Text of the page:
This guide is intended to help Intel® C++ Compiler customers build the Berkeley* Unified Parallel C* (UPC*) compiler and configure it for use with symmetric multiprocessing (SMP) machines. UPC is a programming language that adds parallelization extensions to the C language.
This guide applies to version 2.4.0 of the Berkeley UPC runtime/front-end and UPC-to-C translator and the Intel® C++ Compiler version 10.0 for Linux*.
UPC adds extensions to C that follow the Partitioned Global Address Space* (PGAS*) programming model. UPC can be used in both shared memory and distributed memory environments. In either case, the physical memory configuration is abstracted and appears as shared memory to the programmer. Though the memory appears to be shared by all threads, each shared variable has a thread affinity that is controlled by the programmer and will help UPC determine where to store the variable physically.
More information about the UPC language and the Berkeley UPC compiler can be found at: http://upc.lbl.gov/
The source code can be found at: http://upc.lbl.gov/download/source.shtml
You will need both the Runtime/front-end package and the UPC-to-C translator. Please read and follow all licensing.
Note: Downloading the translator is not necessary if you use the remote translator provided by the Berkeley UPC website, but accessing the remote translator can be problematic for some users. For simplicity, this guide assumes that a local translator will be used.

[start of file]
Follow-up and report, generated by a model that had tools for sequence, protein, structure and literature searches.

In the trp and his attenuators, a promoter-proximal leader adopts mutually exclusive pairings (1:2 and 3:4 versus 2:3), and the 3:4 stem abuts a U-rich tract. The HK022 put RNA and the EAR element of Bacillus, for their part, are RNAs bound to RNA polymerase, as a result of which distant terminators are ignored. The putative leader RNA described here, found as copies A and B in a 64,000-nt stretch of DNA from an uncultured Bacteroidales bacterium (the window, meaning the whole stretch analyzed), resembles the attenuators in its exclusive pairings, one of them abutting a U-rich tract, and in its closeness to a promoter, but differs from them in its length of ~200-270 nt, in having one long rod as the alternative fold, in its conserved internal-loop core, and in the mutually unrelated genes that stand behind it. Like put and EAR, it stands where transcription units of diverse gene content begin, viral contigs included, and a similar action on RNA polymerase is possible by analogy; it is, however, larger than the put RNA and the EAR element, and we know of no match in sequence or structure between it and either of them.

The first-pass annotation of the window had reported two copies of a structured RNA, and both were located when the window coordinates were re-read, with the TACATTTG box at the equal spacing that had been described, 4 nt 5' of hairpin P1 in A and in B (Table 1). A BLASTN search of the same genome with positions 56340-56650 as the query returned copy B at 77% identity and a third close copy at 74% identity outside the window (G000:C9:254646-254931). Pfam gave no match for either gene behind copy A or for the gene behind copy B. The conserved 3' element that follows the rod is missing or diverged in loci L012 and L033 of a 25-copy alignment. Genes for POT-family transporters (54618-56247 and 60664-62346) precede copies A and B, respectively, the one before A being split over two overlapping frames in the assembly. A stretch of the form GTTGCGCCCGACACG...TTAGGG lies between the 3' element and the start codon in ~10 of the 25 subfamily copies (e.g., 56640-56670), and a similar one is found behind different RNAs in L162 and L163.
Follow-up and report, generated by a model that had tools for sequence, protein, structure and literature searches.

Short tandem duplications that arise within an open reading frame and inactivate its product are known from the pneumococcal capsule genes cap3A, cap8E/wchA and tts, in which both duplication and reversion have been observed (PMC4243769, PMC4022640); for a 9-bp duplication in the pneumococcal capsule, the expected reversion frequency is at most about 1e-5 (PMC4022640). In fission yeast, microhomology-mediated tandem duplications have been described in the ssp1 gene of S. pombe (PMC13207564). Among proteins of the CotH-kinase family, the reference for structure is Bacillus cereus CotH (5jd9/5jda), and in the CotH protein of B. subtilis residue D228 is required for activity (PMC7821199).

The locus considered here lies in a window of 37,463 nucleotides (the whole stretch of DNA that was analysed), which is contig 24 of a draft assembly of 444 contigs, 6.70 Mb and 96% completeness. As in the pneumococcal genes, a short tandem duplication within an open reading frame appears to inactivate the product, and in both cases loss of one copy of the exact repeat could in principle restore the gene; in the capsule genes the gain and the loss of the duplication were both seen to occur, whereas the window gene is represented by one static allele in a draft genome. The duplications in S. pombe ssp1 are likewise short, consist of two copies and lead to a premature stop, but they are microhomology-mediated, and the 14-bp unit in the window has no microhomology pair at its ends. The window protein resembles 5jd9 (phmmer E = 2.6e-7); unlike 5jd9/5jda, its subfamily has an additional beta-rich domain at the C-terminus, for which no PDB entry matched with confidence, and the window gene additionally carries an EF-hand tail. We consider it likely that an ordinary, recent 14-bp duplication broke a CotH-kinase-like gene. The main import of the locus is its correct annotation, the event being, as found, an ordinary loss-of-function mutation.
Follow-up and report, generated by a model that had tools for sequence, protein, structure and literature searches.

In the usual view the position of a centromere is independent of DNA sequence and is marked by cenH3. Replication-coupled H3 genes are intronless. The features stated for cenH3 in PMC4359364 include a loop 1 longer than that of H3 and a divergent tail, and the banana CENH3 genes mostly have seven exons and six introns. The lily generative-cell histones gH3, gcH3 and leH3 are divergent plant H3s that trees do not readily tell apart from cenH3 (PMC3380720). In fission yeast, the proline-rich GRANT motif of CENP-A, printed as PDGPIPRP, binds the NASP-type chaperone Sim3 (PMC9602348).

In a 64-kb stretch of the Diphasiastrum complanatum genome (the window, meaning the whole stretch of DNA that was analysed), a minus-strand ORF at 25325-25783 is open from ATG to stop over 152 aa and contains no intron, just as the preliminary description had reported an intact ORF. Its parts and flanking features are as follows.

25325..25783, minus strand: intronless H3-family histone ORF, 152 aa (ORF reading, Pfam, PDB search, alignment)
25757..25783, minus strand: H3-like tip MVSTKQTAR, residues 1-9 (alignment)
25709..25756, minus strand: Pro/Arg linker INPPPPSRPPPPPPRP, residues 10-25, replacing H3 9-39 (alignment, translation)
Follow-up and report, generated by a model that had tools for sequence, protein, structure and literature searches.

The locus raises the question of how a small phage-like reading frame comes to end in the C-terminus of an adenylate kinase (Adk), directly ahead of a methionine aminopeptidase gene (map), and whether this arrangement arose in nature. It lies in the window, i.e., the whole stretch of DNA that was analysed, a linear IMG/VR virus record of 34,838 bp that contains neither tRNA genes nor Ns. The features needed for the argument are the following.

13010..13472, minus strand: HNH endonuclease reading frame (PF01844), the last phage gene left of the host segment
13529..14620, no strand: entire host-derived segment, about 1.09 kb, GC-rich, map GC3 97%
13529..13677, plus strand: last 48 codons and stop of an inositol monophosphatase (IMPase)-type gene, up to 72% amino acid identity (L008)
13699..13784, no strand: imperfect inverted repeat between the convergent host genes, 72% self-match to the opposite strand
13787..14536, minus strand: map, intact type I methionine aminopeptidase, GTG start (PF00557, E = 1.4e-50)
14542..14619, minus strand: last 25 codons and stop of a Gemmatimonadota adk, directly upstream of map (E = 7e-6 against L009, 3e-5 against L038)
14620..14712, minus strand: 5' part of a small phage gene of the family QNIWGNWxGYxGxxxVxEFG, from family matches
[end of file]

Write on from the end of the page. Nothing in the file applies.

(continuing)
After you download the source code, use the following commands to extract the archives:
Licensed users of the Intel compilers may download the most recent versions of the compiler from the Intel® Download Center which is accessed by logging into your account at the Intel® Registration Center.
Evaluation versions of the Intel compilers may be found at the Intel® Evaluation Software Center.
Hardware: This note has been tested on Intel® Pentium® D processors.
Software: This note applies to use of version 10.0 of the Intel C++ Compiler for Linux.
In order to use this guide, you will need to have the Intel C++ Compiler installed. After installing the compiler, you will need to execute one of the following commands, depending on your architecture, to set the environment variables.
Some minor source code changes are required to build the UPC translator with the Intel® compiler. You will need to edit the following file:
Comment out line number five:
/* detect unsupported C++ compilers */
You will also need to edit the following file:
Add an include directive after line 45 pointing to the limits.h file in your system's include directory, specifying the absolute path:
Now you should be ready to build UPC.
First, build the UPC-to-C translator. Execute the following commands in the directory where you downloaded the source code:
Replace <translator directory> in the above command with the directory where you would like to install the translator. If you omit the PREFIX, it will be installed to /usr/local/bupc_translator by default, assuming you have permission to write to that directory.